Branching

Multiple kinds of branching here. First, the motorsport content has been moved to formula7.blog. Two blogs? Well, it became clear that my Stack Exchange activity, already on hiatus since 2018, is not going to resume (context: January 14, January 15, January 17). But typing words in boxes is still a hobby of mine.

There may be yet more branching in the knowledge market space, with Codidact and TopAnswers attempting to rise from the ashes of Stack Exchange. (I do not expect either project to have much success.)

Also, examples of branching in complex analysis are often limited to the situations where any two branches differ either by an additive constant like {\log z} or by a multiplicative constant like {z^p}. But different branches can even have different branch sets. Consider the dilogarithm, which has a very nice power series in the unit disk:

{\displaystyle f(z) = \sum_{n=1}^\infty \frac{z^n}{n^2} = z + \frac{z^2}{4} + \frac{z^3}{9} + \frac{z^4}{16} + \cdots}

The series even converges on the unit circle {|z|=1}, providing a continuous extension there. But this circle is also the boundary of the disk of convergence, so some singularity has to appear. And it does, at {z=1}. Going around this singularity and coming back to the unit disk, we suddenly see a function with a branch point at {z=0}, where there was no branching previously.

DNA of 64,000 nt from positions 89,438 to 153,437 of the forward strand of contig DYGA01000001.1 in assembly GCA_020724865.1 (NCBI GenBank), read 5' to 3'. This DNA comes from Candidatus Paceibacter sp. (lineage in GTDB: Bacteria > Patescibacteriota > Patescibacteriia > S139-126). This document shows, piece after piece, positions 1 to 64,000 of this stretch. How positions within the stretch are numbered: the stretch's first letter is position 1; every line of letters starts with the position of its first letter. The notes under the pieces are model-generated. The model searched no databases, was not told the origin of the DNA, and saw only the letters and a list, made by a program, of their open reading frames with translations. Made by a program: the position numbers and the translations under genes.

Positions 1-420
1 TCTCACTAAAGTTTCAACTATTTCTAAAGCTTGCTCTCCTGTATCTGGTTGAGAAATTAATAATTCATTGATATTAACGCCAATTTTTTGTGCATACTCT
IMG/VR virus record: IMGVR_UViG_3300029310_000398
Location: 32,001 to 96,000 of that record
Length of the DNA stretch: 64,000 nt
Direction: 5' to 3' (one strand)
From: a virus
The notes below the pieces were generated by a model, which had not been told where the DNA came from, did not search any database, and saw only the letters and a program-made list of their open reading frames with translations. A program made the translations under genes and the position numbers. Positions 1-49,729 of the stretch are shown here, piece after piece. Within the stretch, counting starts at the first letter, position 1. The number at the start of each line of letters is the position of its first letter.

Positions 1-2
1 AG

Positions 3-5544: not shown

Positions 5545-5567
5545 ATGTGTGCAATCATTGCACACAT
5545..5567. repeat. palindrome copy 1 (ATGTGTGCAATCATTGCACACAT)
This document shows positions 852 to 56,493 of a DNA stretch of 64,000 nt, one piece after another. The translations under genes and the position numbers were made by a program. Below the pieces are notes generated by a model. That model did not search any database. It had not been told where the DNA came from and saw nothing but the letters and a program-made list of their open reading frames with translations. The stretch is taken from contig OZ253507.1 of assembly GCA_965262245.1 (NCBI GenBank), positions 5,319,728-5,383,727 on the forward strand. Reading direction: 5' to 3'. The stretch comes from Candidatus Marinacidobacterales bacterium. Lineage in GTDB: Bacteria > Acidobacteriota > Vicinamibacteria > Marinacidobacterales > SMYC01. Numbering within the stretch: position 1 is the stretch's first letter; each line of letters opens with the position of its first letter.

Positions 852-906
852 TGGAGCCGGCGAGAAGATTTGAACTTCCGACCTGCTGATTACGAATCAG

What gives? Consider the derivative:

{\displaystyle f'(z) = \sum_{n=1}^\infty \frac{z^{n-1}}{n} = -\frac{\log (1-z)}{z}}

As long as the principal branch of logarithm is considered, there is no singularity at {z} since {\log(1-0) = 0} cancels the denominator. But once we move around {z=1}, the logarithm acquires a multiple of {2\pi i }, and so {f'} gets an additional term {cz^{-1}}, and integrating that results in logarithmic branching at {z=0}.

Of course, this does not even begin the story of the dilogarithm, so I refer to Zagier’s expanded survey which has a few branch points itself.

Thus the dilogarithm is one of the simplest non-elementary functions one can imagine. It is also one of the strangest. It occurs not quite often enough, and in not quite an important enough way, to be included in the Valhalla of the great transcendental functions—the gamma function, Bessel and Legendre- functions, hypergeometric series, or Riemann’s zeta function. And yet it occurs too often, and in far too varied contexts, to be dismissed as a mere curiosity. First defined by Euler, it has been studied by some of the great mathematicians of the past—Abel, Lobachevsky, Kummer, and Ramanujan, to name just a few—and there is a whole book devoted to it. Almost all of its appearances in mathematics, and almost all the formulas relating to it, have something of the fantastical in them, as if this function alone among all others possessed a sense of humor.

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